Reviewer: Anthony Fordham
In these reviews I rarely bother to say much about how a TV looks as an object, merely how video looks on its screen. I must make an exception, though, with the Samsung LA46A650 LCD TV. Its resin-infused bezel – nearly black but with a sense of deep red emerging from its depths – will look beautiful in any room.
Fortunately, the video looks pretty damned good on its screen as well.
The TV is more than its resin-infused bezel, and in fact has one of the best feature sets of any TV around, including a USB socket which allows you to view with very high quality JPEG photos, and also play back MP3 music files. There are four HDMI inputs, including one mounted on the side.
The panel offers full high definition resolution of 1920 x 1080 pixels, and includes a ‘Just Scan’ mode which allows 1080i and 1080p signals to be displayed without any scaling, providing the sharpest possible picture from full high definition sources. You get an HDTV tuner built in, plus an analog one. There is also a Picture-in-Picture feature, which only worked with external inputs, such as a DVD player, PVR, VCR or games console.
The performance of this TV was quite wonderful in just about all areas. The only weakness, and then only compared to plasma, were the black levels. Even then they were only noticeable when I sent a full black screen to the TV in the night time with the room lights switched out. In all other cases the blacks were, subjectively, as good as it gets.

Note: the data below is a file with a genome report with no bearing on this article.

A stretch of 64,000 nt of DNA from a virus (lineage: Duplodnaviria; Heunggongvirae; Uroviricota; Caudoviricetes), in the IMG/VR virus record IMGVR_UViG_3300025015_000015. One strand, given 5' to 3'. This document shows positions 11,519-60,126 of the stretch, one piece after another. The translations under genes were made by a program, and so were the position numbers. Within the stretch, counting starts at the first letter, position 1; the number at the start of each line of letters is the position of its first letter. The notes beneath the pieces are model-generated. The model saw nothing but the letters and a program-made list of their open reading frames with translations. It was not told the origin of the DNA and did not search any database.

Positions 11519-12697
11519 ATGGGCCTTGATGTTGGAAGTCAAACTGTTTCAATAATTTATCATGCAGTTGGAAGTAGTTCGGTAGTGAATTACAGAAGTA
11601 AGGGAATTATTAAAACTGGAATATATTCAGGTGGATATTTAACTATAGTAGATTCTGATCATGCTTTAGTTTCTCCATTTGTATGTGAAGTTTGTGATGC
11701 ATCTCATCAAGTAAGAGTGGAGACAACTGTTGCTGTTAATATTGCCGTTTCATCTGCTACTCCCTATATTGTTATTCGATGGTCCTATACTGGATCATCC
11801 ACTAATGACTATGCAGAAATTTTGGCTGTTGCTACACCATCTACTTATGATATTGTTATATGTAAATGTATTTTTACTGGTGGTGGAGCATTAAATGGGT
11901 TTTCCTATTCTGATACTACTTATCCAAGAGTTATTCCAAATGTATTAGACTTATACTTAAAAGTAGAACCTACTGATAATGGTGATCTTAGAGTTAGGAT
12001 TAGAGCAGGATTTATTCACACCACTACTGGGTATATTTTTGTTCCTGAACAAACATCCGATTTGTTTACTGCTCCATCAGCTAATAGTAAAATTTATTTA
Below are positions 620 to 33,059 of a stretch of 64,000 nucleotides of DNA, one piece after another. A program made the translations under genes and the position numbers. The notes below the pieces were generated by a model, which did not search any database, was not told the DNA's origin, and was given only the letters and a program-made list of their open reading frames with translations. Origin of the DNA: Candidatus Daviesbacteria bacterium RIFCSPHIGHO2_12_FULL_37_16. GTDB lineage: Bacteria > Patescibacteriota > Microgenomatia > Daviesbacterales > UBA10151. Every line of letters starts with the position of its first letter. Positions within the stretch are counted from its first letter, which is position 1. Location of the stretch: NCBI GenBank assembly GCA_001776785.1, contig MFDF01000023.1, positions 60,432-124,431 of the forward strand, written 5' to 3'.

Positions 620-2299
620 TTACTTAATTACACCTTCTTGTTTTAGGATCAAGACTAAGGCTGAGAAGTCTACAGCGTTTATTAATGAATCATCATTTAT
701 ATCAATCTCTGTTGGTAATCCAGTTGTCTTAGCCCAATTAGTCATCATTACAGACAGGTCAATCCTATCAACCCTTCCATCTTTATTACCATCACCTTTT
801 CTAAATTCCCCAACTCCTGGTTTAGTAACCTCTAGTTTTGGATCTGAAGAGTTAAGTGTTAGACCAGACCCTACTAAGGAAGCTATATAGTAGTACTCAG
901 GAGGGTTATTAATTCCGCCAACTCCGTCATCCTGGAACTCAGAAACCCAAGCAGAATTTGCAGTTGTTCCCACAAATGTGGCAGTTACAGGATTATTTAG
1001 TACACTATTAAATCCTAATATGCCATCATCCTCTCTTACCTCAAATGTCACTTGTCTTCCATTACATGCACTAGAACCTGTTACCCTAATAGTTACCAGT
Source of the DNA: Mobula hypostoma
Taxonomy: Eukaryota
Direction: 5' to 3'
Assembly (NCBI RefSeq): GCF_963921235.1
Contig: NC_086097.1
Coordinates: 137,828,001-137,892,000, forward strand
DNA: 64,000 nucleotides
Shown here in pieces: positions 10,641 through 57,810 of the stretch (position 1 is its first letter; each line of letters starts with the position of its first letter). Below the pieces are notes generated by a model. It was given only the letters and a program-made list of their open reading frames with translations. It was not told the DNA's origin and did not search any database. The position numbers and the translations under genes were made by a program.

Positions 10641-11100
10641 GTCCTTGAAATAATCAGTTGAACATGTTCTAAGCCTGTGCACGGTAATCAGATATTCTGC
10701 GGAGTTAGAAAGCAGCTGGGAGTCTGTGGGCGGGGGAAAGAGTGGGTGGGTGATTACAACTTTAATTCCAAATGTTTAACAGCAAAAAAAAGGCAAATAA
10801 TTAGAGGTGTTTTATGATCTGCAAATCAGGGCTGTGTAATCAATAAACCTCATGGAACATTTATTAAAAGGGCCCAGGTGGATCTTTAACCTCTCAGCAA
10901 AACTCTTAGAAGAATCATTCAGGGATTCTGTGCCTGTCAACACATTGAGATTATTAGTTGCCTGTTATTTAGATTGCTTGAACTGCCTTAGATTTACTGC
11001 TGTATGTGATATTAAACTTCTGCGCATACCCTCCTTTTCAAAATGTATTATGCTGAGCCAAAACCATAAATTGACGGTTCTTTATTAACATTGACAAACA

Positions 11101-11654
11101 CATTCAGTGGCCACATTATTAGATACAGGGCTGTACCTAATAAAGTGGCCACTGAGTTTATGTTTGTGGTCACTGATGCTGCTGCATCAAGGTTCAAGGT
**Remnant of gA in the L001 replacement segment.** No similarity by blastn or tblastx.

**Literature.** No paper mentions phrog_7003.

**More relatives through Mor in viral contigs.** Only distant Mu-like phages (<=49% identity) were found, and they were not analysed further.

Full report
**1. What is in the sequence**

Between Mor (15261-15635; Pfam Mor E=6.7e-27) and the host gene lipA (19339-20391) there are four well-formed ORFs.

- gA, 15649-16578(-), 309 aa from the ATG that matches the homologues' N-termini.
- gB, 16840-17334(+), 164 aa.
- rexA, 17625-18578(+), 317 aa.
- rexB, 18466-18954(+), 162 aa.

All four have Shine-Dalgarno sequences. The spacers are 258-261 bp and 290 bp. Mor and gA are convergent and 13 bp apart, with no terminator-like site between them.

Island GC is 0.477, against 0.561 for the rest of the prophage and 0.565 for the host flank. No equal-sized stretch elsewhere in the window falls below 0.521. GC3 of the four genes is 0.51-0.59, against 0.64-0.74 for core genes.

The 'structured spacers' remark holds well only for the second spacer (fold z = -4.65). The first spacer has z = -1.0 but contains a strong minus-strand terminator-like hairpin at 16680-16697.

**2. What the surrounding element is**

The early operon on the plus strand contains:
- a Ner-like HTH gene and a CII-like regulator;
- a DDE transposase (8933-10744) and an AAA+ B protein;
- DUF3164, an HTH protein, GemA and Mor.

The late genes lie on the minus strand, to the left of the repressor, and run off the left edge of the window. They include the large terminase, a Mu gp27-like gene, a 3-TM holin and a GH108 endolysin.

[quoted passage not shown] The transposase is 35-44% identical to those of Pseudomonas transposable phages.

The TV has a smooth glass surface rather than the ‘anti-reflective’ surface used by many LCD brands. Despite this, it seemed to control reflections well.
The video processing in this TV was also just about as good as it gets. The Movie Plus 100Hz processing is a motion interpolation system designed to smooth the motion by creating new, intermediate, picture frames which are placed between the actual picture frames of the incoming video. It has three ‘strength’ settings. With Blu-ray the ‘Low’ and ‘Medium’ settings were best. They did not produce any visible artefacts, and provided increased motion smoothness almost all the time. They failed to provide that smoothness in some highly detailed scenes with a fair amount of movement, but in those cases they didn’t do any significant damage to the picture quality. They merely failed to improve it.
The deinterlacing of the picture was good, even with DVD material, and scaling of DVD up to the HD panel resolution was smoothly performed. The built-in high definition digital TV tuner provided simply excellent quality, both with HD stations and standard definition ones.
Incidentally, if you compare the star ratings for this TV to the 52 inch Samsung LA52F81BD we reviewed earlier this year, you will see that the older TV scored 5, but this one only gets 4.5. Has Samsung’s performance gone backwards? Not at all. It’s just that the bar has been raised, that the average performance of TVs has improved even over the course of this year.